Most of our trees are lumber quality with a lot of veneer quality hard wood. That is our sustainable forestry work’s primary product – in addition to producing pork we also do logging which is a very long term, almost generational crop. Mostly we have sugar maple, probably 70% of our forests. Those in the sugar bush are purposed mainly for producing sap for boiling to maple syrup – the sugar bush represents a very small portion of our forest so there are many high quality maples outside that area. We also have a lot of spruce and white pine. There’s a goodly amount of beech, cedar, birch, cherry and some poplar and other species as well as a lot of apple trees scattered around the old homesteads on our land plus those we’ve planted. Planting oaks, more apples, pears and such is something that is in the works. Long term projects. We do a little bit of firewood but the vast majority is for cabinetry, veneer or lumber.

          It really isn’t an either-or choice of forestry or hydro. We may even do a combination of different power sources. If we ever do hydro it will simply be off the springs we have. This means that it isn’t run of the river or a large reservoir like you typically see for hydroelectric. That’s a much larger scale than we need. I’m not interested in supplying power to the grid or other people since that involves too much regulations – Blame government for making things overly complex. If I were to do it, I would only be producing power for our farm and home. We do not have a lot of flow, compared with most hydro type installs, but we do have a lot of head, perhaps 160′ to 260′ depending on which springs and where I might place the generator. A micro-hydro installation is along the lines of what we might do someday.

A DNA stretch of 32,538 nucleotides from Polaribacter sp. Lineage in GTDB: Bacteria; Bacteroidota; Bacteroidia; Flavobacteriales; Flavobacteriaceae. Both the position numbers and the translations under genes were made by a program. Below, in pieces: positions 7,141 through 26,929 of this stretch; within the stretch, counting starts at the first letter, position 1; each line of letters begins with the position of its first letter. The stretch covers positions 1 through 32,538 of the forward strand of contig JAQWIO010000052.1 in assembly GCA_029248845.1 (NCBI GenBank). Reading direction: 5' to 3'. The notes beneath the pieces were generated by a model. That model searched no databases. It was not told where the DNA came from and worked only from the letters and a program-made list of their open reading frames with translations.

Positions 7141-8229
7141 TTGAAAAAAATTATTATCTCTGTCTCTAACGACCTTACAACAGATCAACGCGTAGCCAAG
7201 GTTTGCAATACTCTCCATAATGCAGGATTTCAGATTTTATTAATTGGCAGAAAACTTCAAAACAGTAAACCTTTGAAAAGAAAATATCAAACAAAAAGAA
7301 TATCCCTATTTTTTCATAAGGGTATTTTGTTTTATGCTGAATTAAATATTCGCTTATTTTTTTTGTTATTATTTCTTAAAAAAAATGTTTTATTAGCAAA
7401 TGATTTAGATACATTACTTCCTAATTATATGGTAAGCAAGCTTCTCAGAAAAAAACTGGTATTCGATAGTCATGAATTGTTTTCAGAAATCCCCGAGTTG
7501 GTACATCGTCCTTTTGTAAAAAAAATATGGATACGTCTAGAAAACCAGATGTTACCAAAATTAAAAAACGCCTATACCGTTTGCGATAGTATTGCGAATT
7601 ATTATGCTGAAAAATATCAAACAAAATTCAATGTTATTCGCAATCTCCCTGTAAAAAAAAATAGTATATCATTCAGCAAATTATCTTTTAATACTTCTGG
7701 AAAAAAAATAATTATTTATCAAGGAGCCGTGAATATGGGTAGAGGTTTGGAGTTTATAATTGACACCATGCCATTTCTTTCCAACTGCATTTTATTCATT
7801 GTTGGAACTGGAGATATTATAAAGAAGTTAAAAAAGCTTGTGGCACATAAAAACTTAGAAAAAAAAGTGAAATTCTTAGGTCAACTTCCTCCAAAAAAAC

8. Thank you for your time to prepare such an in-depth answer.
    Selling electric is full time job?, so I never imagined that. I only assumed generating electric for on-site use (no third parties involved, closed book, no tax, yada yada)
    With respect to forestry and getting the most for your hardwood, do you plan to do on-site bandsaw milling and build a solar cycle kiln ‘Jim Birkemeier style’ ( Timber Green Forestry, Wisconsin) ?

    • No, we do too much forestry for a small bandsaw setup a.k.a. portable saw mill. That is for pretty small volumes. I’ve looked at those and saw one that my neighbor was using. Interesting machines and certainly better than the chainsaw lumber mills I’ve seen advertised. We ship out wood by the many truck loads. Much of it goes to Japan, the high quality veneer. They come to one of our log landing and pick the exact logs they want and then actually mill them on the ship on its way over to the other side of the world. That must be an incredible machine to be able to turn off veneer on the high seas!